The discussion in GP land continues to rage between those who oppose the reforms, and those who support them.

One side shows the government the red card, claiming that the reforms risk “unravelling” the NHS irreversibly if major elements of the plans are not revised. The other side passionately claims the reforms are the first significant attempt to coordinate all aspects of care - primary, secondary, community and social - into a coherent and seamless whole.

Leaders often don’t have the luxury of time because it might mean your plans become outdated

Then there is the debate about leadership. In the red corner there is the popular view that the NHS is overly bureaucratic. In the blue corner the King’s Fund report on leadership in the NHS suggests this apparent excessive bureaucracy is exaggerated and calls for the government to revisit its plan to impose a 45 per cent cut in managers.

Add in the arguments about price, competition and quality, and it is a heady, confusing brew.

No one would disagree that the combination of sub-optimal outcomes compared with the rest of Europe, and the economic demands of the next few years, justify the need for reform and transformation but how have we arrived in this pretty pickle?

I am not brave or bright enough to give a definitive analysis, but there is probably some wisdom and guidance from the rules that govern the management of change.

Fifteen years ago John Kotter published Leading Change, seen by many as the bible of change management. He revealed only 30 per cent of change programmes succeed. Twelve years later a global survey by McKinsey showed only one in three major transformation programmes succeed. This is not easy terrain to navigate.

Classically, change management entails thoughtful planning, sensitive implementation and the involvement of the people most affected by the change. Without this the default position is that problems arise. Time needs to be taken so that the people affected can understand and cope with change.

Leaders often don’t have the luxury of time because taking too much of it might mean your plans become outdated. So I modestly offer some top tips for minimising risk and increasing the chances of success:

  • Dynamic environments require dynamic people and flexible processes and systems, so put them in place and support them.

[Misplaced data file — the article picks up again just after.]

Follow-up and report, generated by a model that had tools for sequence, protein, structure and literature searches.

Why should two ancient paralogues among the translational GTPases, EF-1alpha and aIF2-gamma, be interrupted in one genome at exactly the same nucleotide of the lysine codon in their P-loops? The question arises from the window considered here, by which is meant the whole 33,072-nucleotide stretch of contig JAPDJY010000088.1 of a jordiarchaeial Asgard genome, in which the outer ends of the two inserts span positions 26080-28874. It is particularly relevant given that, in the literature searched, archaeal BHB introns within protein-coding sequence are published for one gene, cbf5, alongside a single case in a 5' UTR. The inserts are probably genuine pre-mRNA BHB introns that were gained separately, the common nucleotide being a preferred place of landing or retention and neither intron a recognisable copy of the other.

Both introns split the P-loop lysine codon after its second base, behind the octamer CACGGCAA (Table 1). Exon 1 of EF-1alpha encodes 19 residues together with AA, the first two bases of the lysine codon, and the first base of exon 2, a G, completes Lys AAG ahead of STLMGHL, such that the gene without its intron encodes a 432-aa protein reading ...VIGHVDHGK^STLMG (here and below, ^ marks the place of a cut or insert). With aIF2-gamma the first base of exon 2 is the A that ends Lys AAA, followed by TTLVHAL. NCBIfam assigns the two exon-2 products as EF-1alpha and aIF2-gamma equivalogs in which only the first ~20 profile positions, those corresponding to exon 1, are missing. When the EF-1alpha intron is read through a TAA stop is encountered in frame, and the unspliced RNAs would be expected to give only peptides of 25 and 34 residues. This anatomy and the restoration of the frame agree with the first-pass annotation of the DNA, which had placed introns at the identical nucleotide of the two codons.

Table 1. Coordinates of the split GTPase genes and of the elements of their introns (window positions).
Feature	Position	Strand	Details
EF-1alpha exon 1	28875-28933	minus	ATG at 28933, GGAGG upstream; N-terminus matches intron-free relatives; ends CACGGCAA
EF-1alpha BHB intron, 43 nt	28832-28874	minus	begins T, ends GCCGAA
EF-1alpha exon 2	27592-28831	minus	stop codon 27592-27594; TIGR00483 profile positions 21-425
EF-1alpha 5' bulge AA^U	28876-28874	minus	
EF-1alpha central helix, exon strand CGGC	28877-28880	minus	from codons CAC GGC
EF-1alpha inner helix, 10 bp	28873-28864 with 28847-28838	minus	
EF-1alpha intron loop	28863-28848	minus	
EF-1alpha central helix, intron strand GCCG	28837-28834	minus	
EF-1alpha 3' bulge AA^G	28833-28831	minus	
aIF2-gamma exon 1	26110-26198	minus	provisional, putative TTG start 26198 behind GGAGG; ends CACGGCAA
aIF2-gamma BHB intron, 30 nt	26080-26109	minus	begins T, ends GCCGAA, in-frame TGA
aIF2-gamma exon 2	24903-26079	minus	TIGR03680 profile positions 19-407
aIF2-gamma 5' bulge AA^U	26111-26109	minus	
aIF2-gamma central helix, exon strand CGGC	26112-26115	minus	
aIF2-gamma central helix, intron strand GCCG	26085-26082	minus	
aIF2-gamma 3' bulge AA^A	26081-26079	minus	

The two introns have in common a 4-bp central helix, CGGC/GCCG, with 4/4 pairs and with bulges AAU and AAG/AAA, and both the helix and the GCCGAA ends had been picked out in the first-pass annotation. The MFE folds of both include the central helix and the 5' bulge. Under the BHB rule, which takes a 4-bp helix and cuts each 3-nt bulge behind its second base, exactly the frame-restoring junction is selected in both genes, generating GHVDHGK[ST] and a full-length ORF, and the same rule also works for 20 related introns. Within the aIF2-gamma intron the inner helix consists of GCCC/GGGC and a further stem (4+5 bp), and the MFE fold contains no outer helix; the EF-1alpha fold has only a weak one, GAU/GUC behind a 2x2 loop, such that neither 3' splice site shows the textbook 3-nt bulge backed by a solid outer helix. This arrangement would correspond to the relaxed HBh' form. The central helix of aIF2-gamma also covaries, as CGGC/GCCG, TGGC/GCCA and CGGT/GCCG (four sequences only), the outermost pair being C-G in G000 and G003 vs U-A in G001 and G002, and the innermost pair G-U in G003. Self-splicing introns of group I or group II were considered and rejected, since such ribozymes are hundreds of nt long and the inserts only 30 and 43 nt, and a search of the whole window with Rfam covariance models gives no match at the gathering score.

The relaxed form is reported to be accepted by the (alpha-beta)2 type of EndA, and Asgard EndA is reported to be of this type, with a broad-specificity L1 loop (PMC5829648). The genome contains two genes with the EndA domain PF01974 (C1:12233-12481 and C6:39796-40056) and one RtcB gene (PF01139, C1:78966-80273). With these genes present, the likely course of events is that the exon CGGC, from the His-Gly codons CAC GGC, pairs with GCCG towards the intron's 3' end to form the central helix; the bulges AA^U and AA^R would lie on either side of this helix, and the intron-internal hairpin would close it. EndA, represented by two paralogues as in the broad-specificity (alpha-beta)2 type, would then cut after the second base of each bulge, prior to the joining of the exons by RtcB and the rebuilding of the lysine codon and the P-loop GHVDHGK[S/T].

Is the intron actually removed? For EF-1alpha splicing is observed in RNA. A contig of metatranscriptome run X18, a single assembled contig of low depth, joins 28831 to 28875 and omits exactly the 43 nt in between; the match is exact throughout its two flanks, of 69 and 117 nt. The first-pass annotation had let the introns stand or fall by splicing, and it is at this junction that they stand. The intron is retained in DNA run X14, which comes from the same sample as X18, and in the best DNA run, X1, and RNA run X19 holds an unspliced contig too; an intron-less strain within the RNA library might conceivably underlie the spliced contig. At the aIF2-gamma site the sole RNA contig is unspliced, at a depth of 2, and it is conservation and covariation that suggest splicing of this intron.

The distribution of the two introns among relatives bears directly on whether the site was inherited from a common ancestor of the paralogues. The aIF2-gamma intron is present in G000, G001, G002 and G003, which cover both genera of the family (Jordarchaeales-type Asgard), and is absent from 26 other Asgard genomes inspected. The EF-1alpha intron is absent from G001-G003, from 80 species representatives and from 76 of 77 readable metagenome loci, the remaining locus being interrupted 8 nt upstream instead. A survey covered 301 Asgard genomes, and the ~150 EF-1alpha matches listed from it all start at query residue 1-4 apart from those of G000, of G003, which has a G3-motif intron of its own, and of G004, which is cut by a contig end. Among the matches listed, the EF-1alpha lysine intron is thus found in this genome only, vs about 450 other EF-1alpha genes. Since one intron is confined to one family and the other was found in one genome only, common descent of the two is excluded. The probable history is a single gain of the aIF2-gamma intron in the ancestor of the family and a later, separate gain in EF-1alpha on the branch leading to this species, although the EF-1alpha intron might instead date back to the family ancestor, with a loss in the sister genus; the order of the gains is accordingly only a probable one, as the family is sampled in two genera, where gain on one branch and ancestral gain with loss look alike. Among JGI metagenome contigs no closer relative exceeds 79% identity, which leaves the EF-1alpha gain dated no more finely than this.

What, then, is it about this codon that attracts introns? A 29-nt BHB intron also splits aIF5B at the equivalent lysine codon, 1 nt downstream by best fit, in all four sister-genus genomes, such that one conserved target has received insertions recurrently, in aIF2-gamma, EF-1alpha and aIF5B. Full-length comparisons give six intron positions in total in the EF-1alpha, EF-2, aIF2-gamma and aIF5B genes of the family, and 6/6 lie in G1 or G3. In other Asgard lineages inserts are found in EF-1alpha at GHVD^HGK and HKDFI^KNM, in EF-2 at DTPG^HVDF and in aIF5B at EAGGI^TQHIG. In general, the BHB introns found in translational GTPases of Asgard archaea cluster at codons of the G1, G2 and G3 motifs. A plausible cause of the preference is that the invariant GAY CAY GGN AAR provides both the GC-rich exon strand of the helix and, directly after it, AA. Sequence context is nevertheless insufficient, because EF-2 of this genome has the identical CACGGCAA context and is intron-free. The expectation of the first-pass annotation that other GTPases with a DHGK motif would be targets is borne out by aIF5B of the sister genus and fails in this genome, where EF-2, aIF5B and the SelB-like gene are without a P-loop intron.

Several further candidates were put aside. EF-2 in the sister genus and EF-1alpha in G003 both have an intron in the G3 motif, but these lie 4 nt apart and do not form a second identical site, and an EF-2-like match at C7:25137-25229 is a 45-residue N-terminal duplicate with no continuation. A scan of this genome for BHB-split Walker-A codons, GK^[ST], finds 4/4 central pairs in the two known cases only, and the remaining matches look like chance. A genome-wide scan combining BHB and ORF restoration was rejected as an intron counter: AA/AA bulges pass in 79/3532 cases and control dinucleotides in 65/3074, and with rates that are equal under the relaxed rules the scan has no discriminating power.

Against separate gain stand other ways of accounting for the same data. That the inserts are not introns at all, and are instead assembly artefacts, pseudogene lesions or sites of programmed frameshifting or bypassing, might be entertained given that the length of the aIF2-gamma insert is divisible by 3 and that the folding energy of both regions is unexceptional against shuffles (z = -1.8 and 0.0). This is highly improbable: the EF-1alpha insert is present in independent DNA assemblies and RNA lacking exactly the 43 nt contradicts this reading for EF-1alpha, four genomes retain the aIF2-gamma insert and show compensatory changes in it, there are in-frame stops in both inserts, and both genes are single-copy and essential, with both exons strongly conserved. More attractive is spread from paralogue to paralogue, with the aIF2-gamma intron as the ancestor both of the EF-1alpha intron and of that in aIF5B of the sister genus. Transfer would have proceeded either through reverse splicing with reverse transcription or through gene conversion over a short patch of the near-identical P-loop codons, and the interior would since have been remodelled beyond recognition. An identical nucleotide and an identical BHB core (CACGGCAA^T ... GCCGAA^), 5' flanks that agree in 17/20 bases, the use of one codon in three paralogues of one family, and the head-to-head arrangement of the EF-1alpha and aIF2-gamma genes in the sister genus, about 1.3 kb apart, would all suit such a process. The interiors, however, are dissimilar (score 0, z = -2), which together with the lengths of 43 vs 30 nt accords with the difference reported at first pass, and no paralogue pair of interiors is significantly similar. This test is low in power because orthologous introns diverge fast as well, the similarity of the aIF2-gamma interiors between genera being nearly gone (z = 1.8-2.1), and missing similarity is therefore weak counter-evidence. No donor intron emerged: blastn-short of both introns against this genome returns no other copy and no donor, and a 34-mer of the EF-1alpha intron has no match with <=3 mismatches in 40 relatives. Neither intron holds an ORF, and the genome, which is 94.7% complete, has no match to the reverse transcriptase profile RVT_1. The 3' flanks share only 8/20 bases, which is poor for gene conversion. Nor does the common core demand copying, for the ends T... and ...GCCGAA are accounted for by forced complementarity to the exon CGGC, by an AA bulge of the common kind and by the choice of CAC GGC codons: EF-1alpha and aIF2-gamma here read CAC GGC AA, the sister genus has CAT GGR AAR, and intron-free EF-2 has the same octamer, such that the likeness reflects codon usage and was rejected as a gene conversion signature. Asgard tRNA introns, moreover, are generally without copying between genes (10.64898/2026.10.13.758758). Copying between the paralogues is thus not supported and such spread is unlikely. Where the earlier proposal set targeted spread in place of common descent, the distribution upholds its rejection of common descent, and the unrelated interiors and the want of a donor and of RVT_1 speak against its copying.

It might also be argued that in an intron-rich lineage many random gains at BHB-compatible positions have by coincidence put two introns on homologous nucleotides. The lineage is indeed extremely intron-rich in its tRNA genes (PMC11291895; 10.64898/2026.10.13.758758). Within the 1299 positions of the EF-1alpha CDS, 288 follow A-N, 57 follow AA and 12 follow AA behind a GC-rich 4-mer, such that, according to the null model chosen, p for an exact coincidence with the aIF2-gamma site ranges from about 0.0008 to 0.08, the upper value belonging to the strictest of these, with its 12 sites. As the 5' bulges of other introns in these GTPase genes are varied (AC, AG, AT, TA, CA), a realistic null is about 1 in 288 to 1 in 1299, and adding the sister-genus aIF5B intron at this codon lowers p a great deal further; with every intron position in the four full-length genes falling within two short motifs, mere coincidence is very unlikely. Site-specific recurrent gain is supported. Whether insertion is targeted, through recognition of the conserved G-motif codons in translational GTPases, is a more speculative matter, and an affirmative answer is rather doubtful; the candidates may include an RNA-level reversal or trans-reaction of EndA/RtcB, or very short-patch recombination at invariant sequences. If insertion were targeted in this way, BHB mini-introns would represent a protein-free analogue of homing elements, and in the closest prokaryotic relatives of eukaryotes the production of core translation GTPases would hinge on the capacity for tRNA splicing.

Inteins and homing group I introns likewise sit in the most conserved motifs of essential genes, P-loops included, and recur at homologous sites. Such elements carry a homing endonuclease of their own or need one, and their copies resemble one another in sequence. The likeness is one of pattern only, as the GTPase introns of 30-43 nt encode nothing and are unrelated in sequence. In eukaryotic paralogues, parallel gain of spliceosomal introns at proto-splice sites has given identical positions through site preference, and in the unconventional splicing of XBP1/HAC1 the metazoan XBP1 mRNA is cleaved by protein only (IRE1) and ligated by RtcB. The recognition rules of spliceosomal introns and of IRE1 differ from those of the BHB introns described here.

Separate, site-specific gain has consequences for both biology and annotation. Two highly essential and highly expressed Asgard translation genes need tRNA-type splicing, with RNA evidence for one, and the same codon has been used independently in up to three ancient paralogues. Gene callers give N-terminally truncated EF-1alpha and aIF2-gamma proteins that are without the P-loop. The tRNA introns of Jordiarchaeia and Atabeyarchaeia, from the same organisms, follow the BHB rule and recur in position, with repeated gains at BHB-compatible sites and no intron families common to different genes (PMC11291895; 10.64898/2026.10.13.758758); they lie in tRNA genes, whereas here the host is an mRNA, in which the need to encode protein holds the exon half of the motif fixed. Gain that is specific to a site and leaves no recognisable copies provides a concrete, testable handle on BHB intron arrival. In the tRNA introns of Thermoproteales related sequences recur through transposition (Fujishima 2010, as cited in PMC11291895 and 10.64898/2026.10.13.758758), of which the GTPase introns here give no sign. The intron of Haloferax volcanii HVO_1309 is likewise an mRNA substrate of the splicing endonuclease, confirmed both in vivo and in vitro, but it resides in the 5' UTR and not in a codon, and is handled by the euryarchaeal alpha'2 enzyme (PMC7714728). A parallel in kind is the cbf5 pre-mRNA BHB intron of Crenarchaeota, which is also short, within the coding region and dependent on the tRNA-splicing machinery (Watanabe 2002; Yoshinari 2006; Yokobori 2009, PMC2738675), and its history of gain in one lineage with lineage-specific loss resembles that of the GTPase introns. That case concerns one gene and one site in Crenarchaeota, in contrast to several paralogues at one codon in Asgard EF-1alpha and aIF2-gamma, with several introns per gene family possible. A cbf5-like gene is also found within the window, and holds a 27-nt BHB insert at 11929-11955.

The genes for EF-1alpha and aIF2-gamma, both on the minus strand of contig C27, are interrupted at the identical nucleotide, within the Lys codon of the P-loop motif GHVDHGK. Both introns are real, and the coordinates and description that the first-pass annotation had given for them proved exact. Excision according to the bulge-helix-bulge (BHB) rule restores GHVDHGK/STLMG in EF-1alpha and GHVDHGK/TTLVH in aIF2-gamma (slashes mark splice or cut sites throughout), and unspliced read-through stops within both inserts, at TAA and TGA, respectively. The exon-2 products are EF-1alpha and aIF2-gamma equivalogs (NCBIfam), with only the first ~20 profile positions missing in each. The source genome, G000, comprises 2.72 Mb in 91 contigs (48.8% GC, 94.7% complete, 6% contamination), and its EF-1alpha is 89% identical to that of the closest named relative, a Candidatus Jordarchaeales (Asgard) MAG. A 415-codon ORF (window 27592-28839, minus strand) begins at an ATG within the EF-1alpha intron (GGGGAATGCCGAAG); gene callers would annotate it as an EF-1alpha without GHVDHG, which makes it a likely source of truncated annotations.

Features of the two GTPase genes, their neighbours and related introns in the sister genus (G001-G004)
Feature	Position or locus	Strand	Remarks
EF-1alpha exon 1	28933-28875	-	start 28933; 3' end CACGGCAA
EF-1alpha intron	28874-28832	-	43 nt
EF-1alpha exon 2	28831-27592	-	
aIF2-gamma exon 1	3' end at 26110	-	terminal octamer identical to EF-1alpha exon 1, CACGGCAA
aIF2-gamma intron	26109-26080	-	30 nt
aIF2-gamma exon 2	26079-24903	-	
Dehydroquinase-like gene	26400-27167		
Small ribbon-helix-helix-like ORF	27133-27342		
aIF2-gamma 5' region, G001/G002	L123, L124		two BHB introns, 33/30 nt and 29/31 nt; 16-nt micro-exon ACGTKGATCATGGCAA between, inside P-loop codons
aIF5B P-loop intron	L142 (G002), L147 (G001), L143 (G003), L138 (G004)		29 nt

• Plan the long term broadly; what really matters is a granular plan for establishing and measuring the delivery of immediate actions that continuously inform your medium to longer term plans.
  • Communicate incessantly with those people who can assist in making change happen, and be prepared to change course.
  • Drive decision making at local operating level and delegate the responsibility to go with it.
  • Try to avoid autocratic interference from executives and hold people to account.
  • Encourage and develop capable people who share the vision and agree to champion the change strategy and to be active in other areas.
  • Focus on using IT to provide critical information to aid decision making and teamwork.
  • Be mindful that the chief insecurity of most staff is change itself. Senior people responsible for managing change do not, as a rule, fear change - they generally thrive on it.

I don’t believe anyone argues against the fact that the NHS must undergo fundamental change over the life of this parliament and in the next decade. Nor can anyone argue that the NHS has coped with a continuing cycle of political and environmental change over past decades, while sustaining a broadly positive image in the minds of patients and the public.

What is really at stake this time though is the opportunity to deliver a radical and long lasting transformation. The choices are not easy and will be testing in the short term but let’s hear it for the management of change - it is the only way forward.